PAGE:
Driskel gets stamp of approval from Muschamp

By Adam Silverstein
September 9, 2012

Naming Jeff Driskel his starting quarterback on Monday may very well have been a touch decision for the coaching staff, but Florida Gators head coach Will Muschamp made it clear Saturday that he never had any doubt that the sophomore would be able to lead the team under any set of circumstances.

Asked immediately after his team’s 20-17 victory over the Texas A&M Aggies what he learned about Driskel following his performance on Saturday, Muschamp simply quipped, “Nothing. I knew it going into the game.”

What Muschamp knew was that Driskel can throw the ball accurately and with a measure of strength either in the pocket or on the run, create plays with his legs and get the team out of seemingly difficult situations.

He also knew about his player’s character and the type of competitor he is on the gridiron.

“The guy’s a tough guy; he’s a tough guy. He plays through it,” Muschamp said. “I didn’t learn anything that I didn’t already know. I mean that as a very big compliment to him. I didn’t learn anything today. I knew it.”

Driskel rewarded Muschamp for his trust, completing 13-of-16 passes for 162 yards and leading the Gators to a 10:14 advantage in time of possession. He also made a number of clutch plays with his legs including a game-ending 21-yard run on a naked bootleg to ice the contest late in the fourth quarter.

“I was excited. I knew that the defense was going to bite on the power [run] up the middle, so I was excited to get a chance to get the edge and just wanted to stay in bounds and make sure I secure the ball,” he said of the play.

[EXPAND CLICK TO EXPAND and read the rest of this story.]Driskel’s performance was not without criticism, however. He was sacked eight times during the game, a few of which were doe to him holding onto the ball too long, and lost yardage on plays where he ran out of bounds instead of throwing the ball away.

“I got to get rid of the ball, plain and simple,” he admitted after the game. “We knew they were going to pressure. I got to get rid of the ball, throw the ball away if I have to. I have to work on that a little bit.”

Muschamp was not as concerned with Driskel’s miscues.

“I thought he played well,” he said. “Again, you got to go back and watch the film with the sacks. I do think he could have gotten rid of the ball at times. Again, there were some protection issues. They have two good edge rushers. They led the country in sacks last year, so they do have some guys that can rush the passer. We had a busted route on one sack.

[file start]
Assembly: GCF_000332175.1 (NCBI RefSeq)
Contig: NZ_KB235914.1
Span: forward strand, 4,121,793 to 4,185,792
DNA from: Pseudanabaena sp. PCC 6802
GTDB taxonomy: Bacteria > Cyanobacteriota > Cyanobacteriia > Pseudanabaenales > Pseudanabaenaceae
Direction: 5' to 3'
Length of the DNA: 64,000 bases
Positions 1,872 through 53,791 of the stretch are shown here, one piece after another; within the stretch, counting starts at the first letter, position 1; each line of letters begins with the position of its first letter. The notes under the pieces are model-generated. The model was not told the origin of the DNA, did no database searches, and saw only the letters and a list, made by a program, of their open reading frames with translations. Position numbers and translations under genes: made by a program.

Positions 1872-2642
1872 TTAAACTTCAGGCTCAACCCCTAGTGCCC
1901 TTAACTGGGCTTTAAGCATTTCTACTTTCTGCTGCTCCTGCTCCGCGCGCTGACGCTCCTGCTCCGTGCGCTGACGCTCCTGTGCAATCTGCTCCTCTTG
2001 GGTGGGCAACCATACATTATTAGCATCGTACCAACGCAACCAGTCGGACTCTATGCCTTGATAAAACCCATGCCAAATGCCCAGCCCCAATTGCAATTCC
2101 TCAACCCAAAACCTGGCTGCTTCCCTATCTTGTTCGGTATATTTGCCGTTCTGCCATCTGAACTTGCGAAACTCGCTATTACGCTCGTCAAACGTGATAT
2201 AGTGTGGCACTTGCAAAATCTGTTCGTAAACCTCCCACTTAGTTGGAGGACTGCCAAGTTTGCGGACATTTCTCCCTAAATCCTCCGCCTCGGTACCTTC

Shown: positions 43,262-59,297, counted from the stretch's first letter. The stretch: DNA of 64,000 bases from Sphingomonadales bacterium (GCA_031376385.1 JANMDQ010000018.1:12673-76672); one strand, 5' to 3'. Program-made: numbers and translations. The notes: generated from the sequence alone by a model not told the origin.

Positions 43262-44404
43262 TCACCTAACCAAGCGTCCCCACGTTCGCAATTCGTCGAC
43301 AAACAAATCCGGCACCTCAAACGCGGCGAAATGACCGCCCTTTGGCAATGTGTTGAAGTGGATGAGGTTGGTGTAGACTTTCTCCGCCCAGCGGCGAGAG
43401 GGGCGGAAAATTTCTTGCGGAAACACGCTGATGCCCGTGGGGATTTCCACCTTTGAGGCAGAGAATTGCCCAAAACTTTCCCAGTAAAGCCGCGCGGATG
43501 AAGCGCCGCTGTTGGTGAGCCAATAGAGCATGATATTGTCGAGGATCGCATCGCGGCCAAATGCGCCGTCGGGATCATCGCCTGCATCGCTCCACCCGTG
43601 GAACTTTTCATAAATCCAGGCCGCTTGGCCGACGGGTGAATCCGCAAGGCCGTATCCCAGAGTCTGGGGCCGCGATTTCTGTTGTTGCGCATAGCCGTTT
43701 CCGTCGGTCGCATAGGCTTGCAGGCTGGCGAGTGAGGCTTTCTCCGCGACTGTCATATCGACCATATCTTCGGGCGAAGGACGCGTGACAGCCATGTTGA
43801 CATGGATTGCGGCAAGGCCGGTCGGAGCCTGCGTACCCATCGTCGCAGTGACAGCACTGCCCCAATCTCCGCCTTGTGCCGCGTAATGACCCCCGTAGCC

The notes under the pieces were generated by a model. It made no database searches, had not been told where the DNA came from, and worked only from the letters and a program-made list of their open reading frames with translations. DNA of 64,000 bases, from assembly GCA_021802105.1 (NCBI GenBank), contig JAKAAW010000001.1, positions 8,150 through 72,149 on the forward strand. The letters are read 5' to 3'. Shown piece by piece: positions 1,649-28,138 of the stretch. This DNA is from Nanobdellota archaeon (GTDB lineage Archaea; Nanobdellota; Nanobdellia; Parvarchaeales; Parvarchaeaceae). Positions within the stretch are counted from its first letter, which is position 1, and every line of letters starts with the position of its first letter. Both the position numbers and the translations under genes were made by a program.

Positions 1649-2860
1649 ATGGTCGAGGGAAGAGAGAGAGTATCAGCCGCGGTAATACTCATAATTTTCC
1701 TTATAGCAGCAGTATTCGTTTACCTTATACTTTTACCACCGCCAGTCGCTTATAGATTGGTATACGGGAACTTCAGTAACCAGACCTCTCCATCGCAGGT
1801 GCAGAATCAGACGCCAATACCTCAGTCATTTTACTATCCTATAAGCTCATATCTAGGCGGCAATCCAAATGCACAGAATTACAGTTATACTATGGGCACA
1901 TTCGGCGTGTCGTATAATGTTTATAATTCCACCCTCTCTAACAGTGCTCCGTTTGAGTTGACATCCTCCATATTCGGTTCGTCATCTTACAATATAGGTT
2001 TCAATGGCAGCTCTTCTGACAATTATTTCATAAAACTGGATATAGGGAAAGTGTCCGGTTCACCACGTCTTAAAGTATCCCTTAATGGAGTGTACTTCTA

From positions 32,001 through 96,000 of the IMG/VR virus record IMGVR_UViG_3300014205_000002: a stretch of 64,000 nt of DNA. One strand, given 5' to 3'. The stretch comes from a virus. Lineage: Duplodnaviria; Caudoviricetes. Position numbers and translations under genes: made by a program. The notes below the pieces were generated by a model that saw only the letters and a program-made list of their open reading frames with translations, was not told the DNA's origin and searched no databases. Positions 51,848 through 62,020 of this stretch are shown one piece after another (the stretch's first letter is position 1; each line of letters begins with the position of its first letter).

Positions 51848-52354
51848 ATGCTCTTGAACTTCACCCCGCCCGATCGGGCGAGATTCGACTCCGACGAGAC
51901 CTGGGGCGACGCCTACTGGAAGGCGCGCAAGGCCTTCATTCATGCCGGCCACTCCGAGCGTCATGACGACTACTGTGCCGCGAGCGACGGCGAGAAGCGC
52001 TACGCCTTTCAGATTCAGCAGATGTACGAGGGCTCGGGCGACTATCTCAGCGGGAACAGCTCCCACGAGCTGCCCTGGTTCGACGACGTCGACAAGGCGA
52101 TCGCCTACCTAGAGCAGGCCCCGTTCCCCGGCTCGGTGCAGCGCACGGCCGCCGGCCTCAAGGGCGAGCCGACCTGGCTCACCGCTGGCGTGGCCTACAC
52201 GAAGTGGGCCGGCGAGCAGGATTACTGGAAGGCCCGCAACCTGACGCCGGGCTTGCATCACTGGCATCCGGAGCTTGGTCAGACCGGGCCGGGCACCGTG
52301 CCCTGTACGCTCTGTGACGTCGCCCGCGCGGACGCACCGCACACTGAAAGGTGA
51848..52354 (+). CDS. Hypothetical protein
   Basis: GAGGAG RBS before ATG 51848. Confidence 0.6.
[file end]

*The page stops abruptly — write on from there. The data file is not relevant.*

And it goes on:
“Again, [he threw for a] high-percentage, took care of the football and critical third-down conversion there late in the third quarter to flip the field on a 3rd-and-6, created that. Another boot[leg] late in the game; they had it played well, he made a play. All of those situations, to me, you put a young quarterback in those situations and you get a win, that is very positive.”

Driskel is not only a young signal caller but one who on Saturday started the first game of his collegiate career behind center. He did so in front of the infamous 12th Man at Kyle Field, an environment he had only heard about until he stepped onto the field.

“That crowd was everything that was advertised,” he said. “It lived up to its hype.”

It is yet to be determined if Driskel will live up to his hype, but he is 1-0 as a starter (2-0 if you consider the fact that he played most of Florida’s season opener) and got to end Saturday’s contest in the sweetest way possible – kneeling out the clock.

“That’s the best play in football,” he said. “It was exciting, exciting to come out with a big win.”[/EXPAND]


  1. BobG says:

    I was wondering if he is coached to hang onto the ball when he is outside of the pocket because the staff thinks there is a chance for him to make a play. Although he is a threat to run, it does not appear that he is fast enough outrun the pursuit in the SEC, even against a newby-Sec opponent. It sounds like they know, and he knows that the better option is to get rid of it.

    I know that A&M has a reputation for sacks, but I was very sorry to see how often the protection just fell apart. After awhile I was hoping they would go to some max-protect scheme and turn deBose loose to beat someone down field; if only once or twice.

    Driskell’s accuracy was very encouraging.

  2. Courtney says:

    Doubtful he is coached to hold onto the ball. Driskel has good speed when makes up his mind, as we saw with bootleg at the end. But his indicisivness is when he looked slow and took those many sacks. He is still very young, but i liked what i saw, and he honestly has more upside than brissett.

    Our offense is a work in progress, and his mobilty is a boost that we will def need to be a competitive team.

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